In establishing a global maritime strategy, the United States should expand investment in 5G and automation at ports to remain competitive, limit future supply chain disruptions, and capture the benefits of the trend of larger port utilization. This includes promoting and protecting innovation of the advanced technologies that will be enhanced by 5G networks, such as in the use of robotics, drones, and autonomous vehicles. These fields will have a transformational impact on productivity and the economy, while establishing innovative capabilities that can be a basis for US companies to have a lasting global impact.

In developing a global Information, Communications and Technology (ICT) strategy, the United States should support the growth of space-based broadband networks to prevent Chinese global information dominance. Broadband capabilities enabled by growing constellations of satellites in space is the next frontier of national investment and strategic focus. As a growing number of broadband providers, led by SpaceX and their Starlink constellation, increase the number of broadband and 5G capable satellites (including China) in space, more data will flow in, from, and through space.

Emerging satellite broadband networks can be an alternative route to market into developing countries with already established Chinese terrestrial infrastructure. By accessing data from space, America’s industry-leading companies can penetrate places naturally dominated by Chinese companies, particularly in Africa and Latin America. In doing so, the United States can promote democratic values, provide a strategic advantage to free-market companies, and limit the risk posed by China’s exclusive control of a nation’s communication networks. Access to credible and free flowing information will counter concerns over untrustworthy networks.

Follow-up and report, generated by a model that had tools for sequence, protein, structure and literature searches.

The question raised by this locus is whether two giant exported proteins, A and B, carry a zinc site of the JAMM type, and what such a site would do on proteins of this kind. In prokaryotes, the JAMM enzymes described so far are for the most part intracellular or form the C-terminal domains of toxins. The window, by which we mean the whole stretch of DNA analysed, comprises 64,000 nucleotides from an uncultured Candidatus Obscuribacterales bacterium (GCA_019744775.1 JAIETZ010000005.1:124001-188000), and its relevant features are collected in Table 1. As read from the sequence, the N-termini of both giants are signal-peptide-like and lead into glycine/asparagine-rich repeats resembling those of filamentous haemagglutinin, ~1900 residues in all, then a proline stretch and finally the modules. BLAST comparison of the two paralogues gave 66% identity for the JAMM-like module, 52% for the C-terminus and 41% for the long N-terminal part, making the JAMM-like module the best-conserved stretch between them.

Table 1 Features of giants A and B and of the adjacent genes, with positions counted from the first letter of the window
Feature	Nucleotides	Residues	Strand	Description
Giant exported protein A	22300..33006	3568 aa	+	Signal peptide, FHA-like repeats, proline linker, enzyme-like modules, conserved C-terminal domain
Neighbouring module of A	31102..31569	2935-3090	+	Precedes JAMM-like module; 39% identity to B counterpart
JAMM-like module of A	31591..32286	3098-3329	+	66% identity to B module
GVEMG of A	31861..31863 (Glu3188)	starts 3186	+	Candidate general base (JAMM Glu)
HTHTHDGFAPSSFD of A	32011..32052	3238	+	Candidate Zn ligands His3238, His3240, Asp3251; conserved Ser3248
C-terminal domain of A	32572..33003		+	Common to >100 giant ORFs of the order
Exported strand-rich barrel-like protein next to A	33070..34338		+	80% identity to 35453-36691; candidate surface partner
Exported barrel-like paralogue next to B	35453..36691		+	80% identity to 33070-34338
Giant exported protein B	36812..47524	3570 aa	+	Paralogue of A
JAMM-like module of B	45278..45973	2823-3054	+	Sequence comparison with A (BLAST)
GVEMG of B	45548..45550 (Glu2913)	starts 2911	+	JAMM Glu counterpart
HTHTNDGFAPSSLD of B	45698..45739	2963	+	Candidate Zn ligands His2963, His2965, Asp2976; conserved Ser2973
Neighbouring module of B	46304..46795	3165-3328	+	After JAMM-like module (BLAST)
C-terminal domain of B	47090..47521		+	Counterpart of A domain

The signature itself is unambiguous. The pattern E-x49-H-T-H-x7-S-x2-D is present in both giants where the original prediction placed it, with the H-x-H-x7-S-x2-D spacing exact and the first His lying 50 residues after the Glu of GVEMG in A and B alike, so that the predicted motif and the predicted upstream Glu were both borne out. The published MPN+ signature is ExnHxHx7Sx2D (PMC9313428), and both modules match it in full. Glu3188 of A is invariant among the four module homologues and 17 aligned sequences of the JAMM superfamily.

Every strength can also be a weakness. China’s “strength” of authoritarian control has given them an ability to manage globally according to an all-of-government and state-owned-industry strategy. However, this approach has diminished trust externally and has stifled innovation internally. The United States needs to enhance its global mindset to foster its strengths of its innate innovative spirit as well as the breadth of relationships across industry and with allies and partners to gain back momentum across the world’s transportation and communication networks.

This is the critical battleground for establishing the leadership in transformational capabilities that will impact the world’s future economic and security well-being. Securing this environment and the data that will flow over 5G space networks is imperative to US national security and democratic values.

Lt. Col. Gabe S. Arrington is a National Defense Fellow at the Center for a New American Security in Washington, DC and Seminar XXI Fellow at the Massachusetts Institute of Technology in Cambridge, MA.  Prior to his current assignment he was the Executive Officer to the Vice Chairman of the Joint Chiefs of Staff. 

Disclaimer: The views expressed in this article are those of the author and do not necessarily reflect the official policy or position of the Air Force, the Department of Defense, or the US Government.